About four months ago, I had the great pleasure of meeting a complete stranger who had as little a clue who I was as I did he. That stranger turned out to be the much (much, much, much) acclaimed Alan Hollinghurst. He also turned out to be leaving so our actual encounter was incredibly brief, details of which can be found here.
Having owned up to the shame of turning up to lauch of a book about an author knowing literally nothing about him, I resolved to educate myself on the work of the eponymous author. My partner ensured I made good on this by buying me a copy of The Line of Beauty for Christmas. As usual, I’m way behind the crowd on this one, but the political satire of this treatise in hedonism and conservatism certainly hasn’t expired in the interim.
Featured Reader: Tash, a fellow blogger, from The Bottom Step who very kindly agreed to be this week’s feature as she is aiming to complete 52 books in the 52 short weeks of 2017! We met in the in the beautiful Bloomsbury Coffee House where we grabbed a cup of surprisingly affordable and delicious coffee (well an Earl Grey Tea Latte for me). Currently Reading: Apple Tree Yard by Louise Doughty. Favourite Thing About the Book So Far: I really like reading it because it’s set in London so I can easily walk around the streets and follow where the main character is at the part I’m reading. Or I can just look up and see I’m on a street and be like ‘Oh this is where that thing happened!’ And I love the way the story builds, giving lots of tantalising clues to the main plot and as the story evolves you have to connect the dots.
Last night saw the announcement of the Costa Book of the Year award, chosen from the five winners of the individual book prizes Costa sponsor under novel, first novel, children’s book, poetry and biography. The nominees were as varied as the categories themselves:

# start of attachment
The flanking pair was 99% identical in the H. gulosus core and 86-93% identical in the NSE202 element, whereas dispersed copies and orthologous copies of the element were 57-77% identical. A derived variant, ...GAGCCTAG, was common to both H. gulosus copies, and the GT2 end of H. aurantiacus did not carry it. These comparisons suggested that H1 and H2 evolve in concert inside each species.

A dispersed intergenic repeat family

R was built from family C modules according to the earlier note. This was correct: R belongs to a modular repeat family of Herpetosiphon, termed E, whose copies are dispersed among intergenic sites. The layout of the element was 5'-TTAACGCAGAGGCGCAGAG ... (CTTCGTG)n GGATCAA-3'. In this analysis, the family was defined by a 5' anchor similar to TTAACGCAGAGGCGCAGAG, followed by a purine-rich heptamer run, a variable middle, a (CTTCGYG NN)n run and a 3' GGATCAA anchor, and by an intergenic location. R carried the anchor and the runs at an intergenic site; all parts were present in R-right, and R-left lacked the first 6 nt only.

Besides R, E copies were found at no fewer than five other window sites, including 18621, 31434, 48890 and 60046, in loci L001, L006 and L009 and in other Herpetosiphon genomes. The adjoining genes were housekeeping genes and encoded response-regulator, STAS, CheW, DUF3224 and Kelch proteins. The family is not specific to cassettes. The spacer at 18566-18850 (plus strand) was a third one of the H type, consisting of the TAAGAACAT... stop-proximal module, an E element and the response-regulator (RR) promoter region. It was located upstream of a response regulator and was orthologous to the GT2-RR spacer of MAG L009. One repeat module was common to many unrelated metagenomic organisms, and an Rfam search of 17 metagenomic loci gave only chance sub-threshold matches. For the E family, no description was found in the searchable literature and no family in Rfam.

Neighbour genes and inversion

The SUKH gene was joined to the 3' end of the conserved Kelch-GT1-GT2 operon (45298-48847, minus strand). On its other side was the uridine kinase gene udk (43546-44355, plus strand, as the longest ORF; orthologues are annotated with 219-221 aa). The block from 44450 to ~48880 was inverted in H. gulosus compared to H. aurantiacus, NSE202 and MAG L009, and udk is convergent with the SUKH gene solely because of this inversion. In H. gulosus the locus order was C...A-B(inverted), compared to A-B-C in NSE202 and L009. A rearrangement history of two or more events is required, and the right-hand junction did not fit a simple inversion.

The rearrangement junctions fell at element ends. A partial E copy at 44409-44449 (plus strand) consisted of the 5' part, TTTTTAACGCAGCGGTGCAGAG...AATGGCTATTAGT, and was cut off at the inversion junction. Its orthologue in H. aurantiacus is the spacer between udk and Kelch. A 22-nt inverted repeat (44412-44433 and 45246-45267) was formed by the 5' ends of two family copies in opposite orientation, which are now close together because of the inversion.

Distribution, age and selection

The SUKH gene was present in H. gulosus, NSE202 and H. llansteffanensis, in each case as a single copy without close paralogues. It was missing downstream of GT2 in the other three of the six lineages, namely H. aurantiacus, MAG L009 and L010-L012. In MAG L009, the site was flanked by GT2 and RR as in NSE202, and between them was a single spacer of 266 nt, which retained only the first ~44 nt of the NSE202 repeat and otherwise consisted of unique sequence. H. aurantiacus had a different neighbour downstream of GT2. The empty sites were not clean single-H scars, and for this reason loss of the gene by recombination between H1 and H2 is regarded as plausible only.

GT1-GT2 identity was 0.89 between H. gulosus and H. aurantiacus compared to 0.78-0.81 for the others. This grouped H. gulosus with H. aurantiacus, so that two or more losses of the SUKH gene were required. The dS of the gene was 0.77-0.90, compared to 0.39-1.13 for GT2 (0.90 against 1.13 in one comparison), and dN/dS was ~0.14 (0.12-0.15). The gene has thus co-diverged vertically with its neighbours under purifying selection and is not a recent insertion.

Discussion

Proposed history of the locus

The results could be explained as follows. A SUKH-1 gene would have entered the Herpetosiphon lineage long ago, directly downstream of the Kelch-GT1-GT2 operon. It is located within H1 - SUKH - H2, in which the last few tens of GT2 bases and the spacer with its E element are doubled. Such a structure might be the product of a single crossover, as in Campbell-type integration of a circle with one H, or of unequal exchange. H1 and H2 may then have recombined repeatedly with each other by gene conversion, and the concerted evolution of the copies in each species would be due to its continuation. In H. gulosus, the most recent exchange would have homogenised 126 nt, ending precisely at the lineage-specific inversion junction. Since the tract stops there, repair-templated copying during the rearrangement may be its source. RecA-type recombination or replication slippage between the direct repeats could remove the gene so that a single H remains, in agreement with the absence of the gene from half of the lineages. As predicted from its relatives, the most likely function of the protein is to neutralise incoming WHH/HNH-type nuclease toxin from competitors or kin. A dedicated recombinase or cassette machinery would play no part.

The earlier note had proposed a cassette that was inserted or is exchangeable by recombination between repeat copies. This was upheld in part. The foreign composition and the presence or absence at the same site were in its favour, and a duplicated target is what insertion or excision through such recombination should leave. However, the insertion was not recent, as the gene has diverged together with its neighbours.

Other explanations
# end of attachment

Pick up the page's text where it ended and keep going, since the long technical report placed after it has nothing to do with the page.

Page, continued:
Novel:Days Without End bySebastian Barry (Winner)
First novel:Golden Hill by Francis Spufford
Children’s book:The Bombs that Brought Us Together by Brian Conaghan
Poetry:Falling Awake by Alice Oswald
Biography:Dadland: A Journey into Uncharted Territory by Keggie Carew.
I’m not sure I can really comment on how deserving Barry is this year as I’ve still not read his offering (or any of the others for that matter). However, I will say that last night as I watched the awards I was intrigued by all of the books on the shortlist. Most of all Dadland: A Journey into Uncharted Territory by Keggie Carew.
A biography of her father as he develops dementia, which as it descends past the surface details of the man himself, becomes a chase down the rabbit hole to find out a convoluted personal history. As a terminally nosey person, the idea of digging into the enigma of Carew’s father just captured my imagination. I have added this book to both my Amazon wishlist, Goodreads to-be-read, and the booklist of a reading group that’s formed in my university class (mostly because speech therapy trainees tend to be interested in dementia).
As for the winner, Days Without End by Sebastian Barry, it’s no secret I’m a great lover of the man’s work and have raved about it to all and sundry. I’ve been excited to read this one since I saw it in the Faber and Faber catalogue last year and FINALLY purchased it just today from a lovely clerk in Waterstones Gower Street. I’m really looking forward to getting into it!
On the rest of the books, I can only paraphrase others whom I’ve seen on the Beeb during the awards show but must admit I am also intrigued by them. In particular, the poetry entry Falling Awake which was described as a book of nature poetry that isn’t quite the pastoral comments one might expect. Also going with another fellow countryman, Graham Norton (one of this year’s judges), Golden Hill is firmly next in line on my to be read pile… after everything else.
So, if you’re at a loss for what to read check out the shortlist, maybe you’ll find your next favourite book!